In a Blooomberg article on October 23rd, it has pointed out that $300 billion, that’s the money needed to stop the rise in greenhouse gases and buy up to 20 years of time to fix global warming, according to United Nations climate scientists. It’s the gross domestic product of Chile, or the world’s military spending every 60 days.
The sum is not to fund green technologies or finance a moonshot solution to emissions, but to use simple, age-old practices to lock millions of tons of carbon back into an overlooked and over-exploited resource: the soil.
Rene Castro Salazar, an assistant director general at the UN Food and Agriculture Organization, said that of the 2 billion hectares (almost 5 billion acres) of land around the world that has been degraded by misuse, overgrazing, deforestation and other largely human factors, 900 million hectares could be restored.
Returning that land to pasture, food crops or trees would convert enough carbon into biomass to stabilize emissions of CO2, the biggest greenhouse gas, for 15-20 years, giving the world time to adopt carbon-neutral technologies.
The heart of the idea is to tackle the growing problem of desertification -- the degradation of dry land to the point where it can support little life. At least a third of the world’s land has been degraded to some extent, directly affecting the lives of 2 billion people, said Eduardo Mansur, director of the land and water division at the FAO.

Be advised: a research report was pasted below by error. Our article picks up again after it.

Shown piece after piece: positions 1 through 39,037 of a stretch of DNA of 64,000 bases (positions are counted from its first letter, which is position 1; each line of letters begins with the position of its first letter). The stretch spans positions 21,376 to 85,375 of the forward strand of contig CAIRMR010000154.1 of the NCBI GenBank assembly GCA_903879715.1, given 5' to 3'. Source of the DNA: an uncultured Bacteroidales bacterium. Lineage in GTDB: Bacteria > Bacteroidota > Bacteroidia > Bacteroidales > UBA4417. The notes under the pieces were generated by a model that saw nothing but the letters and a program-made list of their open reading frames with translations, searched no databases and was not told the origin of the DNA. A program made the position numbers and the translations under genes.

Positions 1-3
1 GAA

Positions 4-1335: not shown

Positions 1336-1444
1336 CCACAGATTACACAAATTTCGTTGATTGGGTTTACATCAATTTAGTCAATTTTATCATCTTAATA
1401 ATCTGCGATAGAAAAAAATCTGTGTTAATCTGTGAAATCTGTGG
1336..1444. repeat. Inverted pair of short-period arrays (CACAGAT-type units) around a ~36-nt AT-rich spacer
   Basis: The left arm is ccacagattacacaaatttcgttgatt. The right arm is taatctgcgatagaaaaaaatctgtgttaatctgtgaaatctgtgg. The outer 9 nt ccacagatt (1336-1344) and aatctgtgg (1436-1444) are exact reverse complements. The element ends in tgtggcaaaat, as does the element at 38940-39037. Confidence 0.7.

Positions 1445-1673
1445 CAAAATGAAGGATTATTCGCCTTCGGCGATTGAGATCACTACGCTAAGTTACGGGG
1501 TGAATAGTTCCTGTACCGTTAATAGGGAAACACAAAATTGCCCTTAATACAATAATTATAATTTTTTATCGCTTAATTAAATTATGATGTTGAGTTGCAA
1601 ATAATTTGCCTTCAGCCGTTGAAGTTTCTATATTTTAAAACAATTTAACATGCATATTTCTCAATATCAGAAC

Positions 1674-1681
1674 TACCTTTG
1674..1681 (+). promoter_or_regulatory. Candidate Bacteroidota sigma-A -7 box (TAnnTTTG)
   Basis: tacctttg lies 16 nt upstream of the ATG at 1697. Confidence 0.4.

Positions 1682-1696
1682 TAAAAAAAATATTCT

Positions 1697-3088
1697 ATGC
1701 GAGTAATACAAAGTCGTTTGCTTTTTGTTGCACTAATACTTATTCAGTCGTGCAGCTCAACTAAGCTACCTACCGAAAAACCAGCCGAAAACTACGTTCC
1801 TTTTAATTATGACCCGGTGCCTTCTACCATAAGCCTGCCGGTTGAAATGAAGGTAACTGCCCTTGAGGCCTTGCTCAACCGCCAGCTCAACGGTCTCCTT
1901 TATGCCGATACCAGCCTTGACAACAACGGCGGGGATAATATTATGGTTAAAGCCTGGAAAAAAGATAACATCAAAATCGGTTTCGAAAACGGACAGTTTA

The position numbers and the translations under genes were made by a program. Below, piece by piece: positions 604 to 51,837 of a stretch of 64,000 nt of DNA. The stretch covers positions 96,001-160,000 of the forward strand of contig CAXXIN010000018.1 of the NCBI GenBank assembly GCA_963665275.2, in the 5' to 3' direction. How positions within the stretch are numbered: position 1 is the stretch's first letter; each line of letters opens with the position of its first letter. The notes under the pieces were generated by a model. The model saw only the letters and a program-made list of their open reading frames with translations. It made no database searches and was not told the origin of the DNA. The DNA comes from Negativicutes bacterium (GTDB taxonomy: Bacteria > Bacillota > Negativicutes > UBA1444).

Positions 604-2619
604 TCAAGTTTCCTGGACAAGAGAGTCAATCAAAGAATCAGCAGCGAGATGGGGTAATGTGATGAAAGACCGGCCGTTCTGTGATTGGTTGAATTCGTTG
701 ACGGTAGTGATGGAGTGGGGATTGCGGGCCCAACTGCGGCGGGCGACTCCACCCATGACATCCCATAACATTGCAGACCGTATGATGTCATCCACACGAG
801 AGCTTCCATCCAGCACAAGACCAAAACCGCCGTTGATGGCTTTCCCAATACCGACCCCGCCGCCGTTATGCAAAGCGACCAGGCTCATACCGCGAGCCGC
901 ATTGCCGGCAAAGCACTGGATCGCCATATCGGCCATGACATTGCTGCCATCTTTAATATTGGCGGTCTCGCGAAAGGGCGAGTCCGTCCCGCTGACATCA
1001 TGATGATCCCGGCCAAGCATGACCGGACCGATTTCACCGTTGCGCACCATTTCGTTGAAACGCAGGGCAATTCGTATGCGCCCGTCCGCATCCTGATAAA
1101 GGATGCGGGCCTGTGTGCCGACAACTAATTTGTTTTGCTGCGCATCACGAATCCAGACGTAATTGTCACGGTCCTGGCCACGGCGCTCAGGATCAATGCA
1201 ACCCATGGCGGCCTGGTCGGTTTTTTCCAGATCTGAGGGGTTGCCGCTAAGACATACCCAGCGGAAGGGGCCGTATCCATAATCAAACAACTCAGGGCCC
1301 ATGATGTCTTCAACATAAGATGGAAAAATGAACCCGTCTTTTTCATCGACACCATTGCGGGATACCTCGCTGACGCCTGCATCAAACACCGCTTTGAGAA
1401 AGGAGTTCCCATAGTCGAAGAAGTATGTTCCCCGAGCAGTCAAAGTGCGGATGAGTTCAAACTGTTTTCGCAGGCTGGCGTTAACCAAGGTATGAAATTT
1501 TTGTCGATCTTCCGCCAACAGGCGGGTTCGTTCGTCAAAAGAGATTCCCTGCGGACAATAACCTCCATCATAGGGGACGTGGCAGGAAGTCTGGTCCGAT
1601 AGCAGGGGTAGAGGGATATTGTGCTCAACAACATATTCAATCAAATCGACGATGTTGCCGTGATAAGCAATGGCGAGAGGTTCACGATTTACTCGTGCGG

Marginal lands are being stressed around the globe by the twin phenomena of accelerated climate change and a rate of population growth that could lift the gbal tally to almost 10 billion people by 2050, he said. Much of that growth is in areas such as Sub-Saharan Africa and South Asia where land is already highly stressed.
“The idea is to put more carbon into the soil,” said Barron J. Orr, lead scientist for the UN Convention to Combat Desertification.“That’s not going to be a simple thing because of the natural conditions. But keeping the carbon in the soil and getting that natural vegetation, grazing land etc. thriving again -- that’s the key.”
Carbon sequestration through desertification control have seen great practices around the world, Kubuqi desert in Inner Mongolia, China is one of the great example to see. Leading Chinese Eco-company Elion, has been reclaiming the desert for 30 years. With innovative desertificaiton control technologies such as tree-planting based on wind data analysis, germplasm banks, drone planting. etc, Elion has successfully greened more than 6000square km of the desert, which fixed 15.4 million tons of carbon during the process. Moreover, Elion has recently developed a biology-based amendment as a viable solution for turning sand into soil. China's technologies and experience in combatting desertification are worth sharing, and have made great contribution to the global fight against climate change.
“The problem unfortunately is big and it is growing,” said Mansur.The main cause of emissions from agriculture is poor land management. But the solutions are known: Sustainable land management, sustainable water management, sustainable soil management.”